Take control of asthma

PHOTO: Take control of asthma

Doc Talk: Dr Tang Wern Ee

Madam T declared: "I'm much better today."

Indeed, she did appear to be much better. A week earlier, she had been breathless and wheezing when she visited the polyclinic to get urgent treatment for an asthma attack.

"I want the blue puff today. Don't need this brown puff," she said, pushing the inhaler containing her asthma preventer medication across the table. She was after the quick relief, which the blue puff promised.

"The nurse says I must keep using the brown puff, but I'm okay already. I want only the blue puff," she insisted.

Madam T has asthma, a lung condition characterised by episodic attacks of breathlessness, chest tightness, wheezing and coughing caused by the swelling and narrowing of the airways in the lungs.

It is a chronic disease, which means that it does not go away like a simple cough or cold.

It is a condition which patients live with and has the potential to escalate in severity.

It is important to manage the root of the problem to prevent asthma attacks rather than to just treat the symptoms when they appear.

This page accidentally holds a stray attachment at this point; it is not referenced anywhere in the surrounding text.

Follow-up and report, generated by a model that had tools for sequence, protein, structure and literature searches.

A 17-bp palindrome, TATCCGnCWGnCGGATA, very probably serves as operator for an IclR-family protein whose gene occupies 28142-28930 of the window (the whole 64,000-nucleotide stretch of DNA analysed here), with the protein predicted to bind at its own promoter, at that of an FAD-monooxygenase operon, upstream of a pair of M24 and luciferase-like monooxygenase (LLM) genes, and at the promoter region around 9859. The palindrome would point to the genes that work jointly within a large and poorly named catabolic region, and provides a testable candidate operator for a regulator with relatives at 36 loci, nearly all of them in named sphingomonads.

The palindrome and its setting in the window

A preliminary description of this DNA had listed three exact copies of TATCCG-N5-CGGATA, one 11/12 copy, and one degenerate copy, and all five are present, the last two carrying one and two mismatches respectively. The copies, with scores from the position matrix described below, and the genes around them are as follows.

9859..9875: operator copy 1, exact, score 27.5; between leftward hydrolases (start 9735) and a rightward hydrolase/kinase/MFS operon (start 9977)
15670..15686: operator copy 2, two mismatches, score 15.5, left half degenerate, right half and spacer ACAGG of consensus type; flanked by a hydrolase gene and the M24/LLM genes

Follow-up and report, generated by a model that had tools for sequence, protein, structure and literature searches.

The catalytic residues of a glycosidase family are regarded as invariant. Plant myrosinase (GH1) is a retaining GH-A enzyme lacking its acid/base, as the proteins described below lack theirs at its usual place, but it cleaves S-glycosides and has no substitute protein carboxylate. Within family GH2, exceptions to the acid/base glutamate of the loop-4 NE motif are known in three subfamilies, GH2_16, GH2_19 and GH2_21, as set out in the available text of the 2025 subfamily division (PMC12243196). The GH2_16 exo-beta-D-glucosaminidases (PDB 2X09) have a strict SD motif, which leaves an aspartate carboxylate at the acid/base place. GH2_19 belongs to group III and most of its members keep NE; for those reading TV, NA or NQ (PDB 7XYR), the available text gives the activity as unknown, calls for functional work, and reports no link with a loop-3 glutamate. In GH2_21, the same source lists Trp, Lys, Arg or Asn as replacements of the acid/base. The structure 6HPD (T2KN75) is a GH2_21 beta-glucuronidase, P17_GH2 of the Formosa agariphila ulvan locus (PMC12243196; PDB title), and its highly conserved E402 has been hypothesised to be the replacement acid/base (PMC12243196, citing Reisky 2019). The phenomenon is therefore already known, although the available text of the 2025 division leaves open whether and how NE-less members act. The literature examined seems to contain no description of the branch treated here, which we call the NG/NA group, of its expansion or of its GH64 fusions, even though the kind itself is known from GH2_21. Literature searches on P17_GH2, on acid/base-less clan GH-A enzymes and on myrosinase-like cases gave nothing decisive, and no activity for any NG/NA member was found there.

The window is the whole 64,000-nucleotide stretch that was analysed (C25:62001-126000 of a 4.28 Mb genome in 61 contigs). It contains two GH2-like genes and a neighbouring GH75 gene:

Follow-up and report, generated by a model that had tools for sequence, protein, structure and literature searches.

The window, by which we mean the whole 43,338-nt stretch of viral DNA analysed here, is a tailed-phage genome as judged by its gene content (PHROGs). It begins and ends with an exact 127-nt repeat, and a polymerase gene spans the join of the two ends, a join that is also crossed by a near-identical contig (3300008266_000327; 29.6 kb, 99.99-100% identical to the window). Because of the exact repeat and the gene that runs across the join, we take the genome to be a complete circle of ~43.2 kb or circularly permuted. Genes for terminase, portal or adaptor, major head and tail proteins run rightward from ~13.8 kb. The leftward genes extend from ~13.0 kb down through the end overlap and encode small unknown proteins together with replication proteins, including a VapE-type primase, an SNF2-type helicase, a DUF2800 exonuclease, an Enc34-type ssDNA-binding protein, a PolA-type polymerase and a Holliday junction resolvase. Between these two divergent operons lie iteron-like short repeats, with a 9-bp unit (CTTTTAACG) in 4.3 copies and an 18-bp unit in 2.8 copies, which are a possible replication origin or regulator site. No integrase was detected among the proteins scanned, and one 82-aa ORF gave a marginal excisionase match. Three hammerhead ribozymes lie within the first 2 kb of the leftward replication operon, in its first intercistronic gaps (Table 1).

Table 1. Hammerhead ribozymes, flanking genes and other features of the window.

While people with asthma may feel perfectly well between attacks and experience asthma symptoms episodically during an attack, airway inflammation is constantly present.

The airways of people with asthma are also hyper-responsive.

When exposed to certain triggers, such as viral infections, smoke and dust mites, the muscles surrounding the airways contract and the lining of the airways produces more secretions and thickens further.

As a result, the airways narrow and constrict, prompting an asthma attack. These attacks can vary in severity - from mild to severe - and can even be fatal.

Studies have shown that regular use of inhaled corticosteroids in patients with asthma decreases asthma hospitalisations and deaths.

However, many people with asthma, such as Madam T, stop using their inhaled steroid medication once they feel better.

To improve asthma awareness and asthma care around the world, the Global Initiative for Asthma has designated May 6 as World Asthma Day.

This year's theme is "You Can Control Your Asthma".

Asthma is a long-term disease with no permanent cure. But it can be brought under control.

To achieve asthma control, it is important that people with asthma, as well as their families and people they come into contact with, have an understanding of what asthma is and how it can be managed.

It is not contagious and it does not spread from person to person.

However, asthma does run in families. If one or both your parents have this lung condition, you are more likely to have it too, compared with someone who does not have a parent suffering from asthma.

It can affect children, adults, men, women and people of all races.

Although asthma attacks may occur only occasionally, it is a chronic, long-term disease.

The goal of asthma management is to control the condition, so that asthma attacks do not happen and the person does not experience symptoms, such as frequent coughing, wheezing, breathlessness and chest tightness.